In Marin, local middle and high school students have organized, protested, spoken on radio, created email campaigns and captured the attention of local representatives. The day after the shooting in February, upset sixth graders at Lagunitas Middle School wrote so many emails to U.S. Representative Jared Huffman that he showed up in their class the next day to pledge his commitment to gun control bills. Adam Friedman took part in a panel of Bay Area students on KQED’s Forum to talk about the movement’s goals.
“We are looking for tangible actions: Brady background checks, empowering police officers and the FBI to intervene when an individual is seen as dangerous, and a national ban on assault weapons,” Friedman says. “And on the ground level here in the Bay Area I am working with a coalition of teens. We now have 25 to 30 schools involved to ensure voter education and registration efforts accompany walkouts and marches.”
Friedman, who has turned 18, says he is “very excited” to vote in the upcoming elections. He helped orchestrate Marin Academy’s approach to the March 14 walkout: voter registration for juniors and seniors and letter-writing campaigns for freshmen and sophomores. “We live in an era defined by the issue,” he says, “and it is our generation’s issue to fix. We’re saying enough is enough and taking a stand now.” Marin County Sheriff Robert Doyle expressed support for the walkout, saying in a press release, “We are proud to see our youth leading these efforts and we support the ultimate goal of keeping our schools and our communities free from gun violence.”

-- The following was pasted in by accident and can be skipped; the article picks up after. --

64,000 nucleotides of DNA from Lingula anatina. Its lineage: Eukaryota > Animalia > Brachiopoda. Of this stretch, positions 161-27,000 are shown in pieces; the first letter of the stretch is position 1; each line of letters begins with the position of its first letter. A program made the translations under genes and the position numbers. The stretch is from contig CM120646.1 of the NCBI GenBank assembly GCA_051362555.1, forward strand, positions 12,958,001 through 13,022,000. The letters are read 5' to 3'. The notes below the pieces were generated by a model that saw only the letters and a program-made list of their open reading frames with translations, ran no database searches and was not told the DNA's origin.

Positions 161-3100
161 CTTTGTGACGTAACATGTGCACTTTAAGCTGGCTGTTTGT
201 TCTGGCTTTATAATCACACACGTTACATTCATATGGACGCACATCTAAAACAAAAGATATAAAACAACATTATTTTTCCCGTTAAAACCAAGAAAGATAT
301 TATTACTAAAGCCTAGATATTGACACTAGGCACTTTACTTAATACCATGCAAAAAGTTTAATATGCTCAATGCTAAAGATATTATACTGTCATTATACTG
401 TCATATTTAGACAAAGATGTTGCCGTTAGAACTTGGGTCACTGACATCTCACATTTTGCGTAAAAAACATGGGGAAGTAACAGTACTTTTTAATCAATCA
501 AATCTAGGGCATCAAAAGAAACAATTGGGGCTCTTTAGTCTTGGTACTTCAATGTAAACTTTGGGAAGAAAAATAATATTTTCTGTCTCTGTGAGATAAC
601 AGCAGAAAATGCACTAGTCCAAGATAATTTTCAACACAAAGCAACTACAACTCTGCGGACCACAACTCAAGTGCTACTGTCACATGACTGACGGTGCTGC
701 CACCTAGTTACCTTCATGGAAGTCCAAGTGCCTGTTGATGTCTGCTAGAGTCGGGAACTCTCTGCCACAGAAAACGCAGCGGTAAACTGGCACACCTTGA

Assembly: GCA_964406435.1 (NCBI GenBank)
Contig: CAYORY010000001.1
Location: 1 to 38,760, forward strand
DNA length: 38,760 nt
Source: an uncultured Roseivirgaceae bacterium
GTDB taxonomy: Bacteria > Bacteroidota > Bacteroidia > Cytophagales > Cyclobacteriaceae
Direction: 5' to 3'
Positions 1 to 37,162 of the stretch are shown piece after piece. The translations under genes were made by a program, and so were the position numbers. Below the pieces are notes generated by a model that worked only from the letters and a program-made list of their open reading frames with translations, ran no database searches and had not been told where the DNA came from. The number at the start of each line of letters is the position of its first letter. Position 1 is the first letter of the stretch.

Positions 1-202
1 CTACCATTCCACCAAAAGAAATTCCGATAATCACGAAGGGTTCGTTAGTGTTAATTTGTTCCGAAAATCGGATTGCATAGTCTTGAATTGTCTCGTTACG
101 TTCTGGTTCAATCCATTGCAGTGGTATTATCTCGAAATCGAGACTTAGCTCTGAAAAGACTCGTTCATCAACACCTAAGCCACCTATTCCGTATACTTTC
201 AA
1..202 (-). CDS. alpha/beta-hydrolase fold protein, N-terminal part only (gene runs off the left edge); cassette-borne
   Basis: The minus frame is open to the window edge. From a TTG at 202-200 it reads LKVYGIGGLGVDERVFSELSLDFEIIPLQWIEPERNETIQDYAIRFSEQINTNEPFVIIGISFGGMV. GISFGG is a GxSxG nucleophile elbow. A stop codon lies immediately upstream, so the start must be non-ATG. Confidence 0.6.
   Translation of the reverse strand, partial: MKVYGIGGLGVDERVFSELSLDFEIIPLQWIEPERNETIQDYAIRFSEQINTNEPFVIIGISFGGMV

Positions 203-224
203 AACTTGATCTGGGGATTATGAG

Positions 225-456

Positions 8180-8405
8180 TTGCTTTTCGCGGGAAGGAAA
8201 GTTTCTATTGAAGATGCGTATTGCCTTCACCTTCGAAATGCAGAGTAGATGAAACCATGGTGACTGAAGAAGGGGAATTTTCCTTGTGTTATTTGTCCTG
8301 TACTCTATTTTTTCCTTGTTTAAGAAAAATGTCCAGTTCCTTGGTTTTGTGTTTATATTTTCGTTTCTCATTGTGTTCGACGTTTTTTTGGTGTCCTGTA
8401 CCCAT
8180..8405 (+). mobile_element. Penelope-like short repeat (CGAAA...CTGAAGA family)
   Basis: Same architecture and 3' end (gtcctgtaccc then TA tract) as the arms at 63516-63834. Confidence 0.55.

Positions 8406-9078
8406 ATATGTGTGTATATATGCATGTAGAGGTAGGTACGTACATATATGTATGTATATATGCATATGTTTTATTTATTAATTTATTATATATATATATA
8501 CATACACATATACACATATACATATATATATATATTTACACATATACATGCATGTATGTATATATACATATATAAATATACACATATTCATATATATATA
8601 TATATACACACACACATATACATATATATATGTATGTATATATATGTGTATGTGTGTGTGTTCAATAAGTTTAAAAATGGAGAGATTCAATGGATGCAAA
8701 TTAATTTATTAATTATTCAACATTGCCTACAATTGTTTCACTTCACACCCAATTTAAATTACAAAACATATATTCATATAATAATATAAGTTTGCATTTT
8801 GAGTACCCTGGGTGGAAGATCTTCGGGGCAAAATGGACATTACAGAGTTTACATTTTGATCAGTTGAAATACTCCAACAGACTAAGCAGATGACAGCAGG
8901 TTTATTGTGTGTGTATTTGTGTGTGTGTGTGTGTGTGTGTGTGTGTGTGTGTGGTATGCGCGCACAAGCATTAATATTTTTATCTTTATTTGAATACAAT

Almost without exception, local schools have also been supportive of the young people’s activities. “Students are concerned and teachers are concerned as well,” says Novato High’s Jennifer Marsh Russell, the 2017 Marin County Teacher of the Year; faculty and staff want to create a sense of safety on campus, she adds. Since the Parkland shooting, the Marin County Office of Education has held “school shooter safety” courses. Teachers are spending money on things like magnets they can use to automatically lock classroom doors from the inside if they cannot find their keys during a lockdown. “It is scary and it is heavy on everybody’s mind,” Russell says. “It’s terrible that [kids] have to deal with this, that it is part of their narrative. And it is terrible that this is what we teachers and school districts need to spend time and money on.”
This article originally appeared in Marin Magazine’s print edition under the headline: “The Kids Are All Right“.
Kirsten Jones Neff is a journalist who writes about all things North Bay, with special attention to the environment and the region’s farmers, winemakers and food artisans. She also works and teaches in school gardens. Kirsten’s poetry collection, When The House Is Quiet, was nominated for the Northern California Book Award, and three of her poems received a Pushcart nomination. She lives in Novato with her husband and three children and tries to spend as much time as possible on our local mountains, beaches and waterways. For more on her work visit KirstenJonesNeff.Com.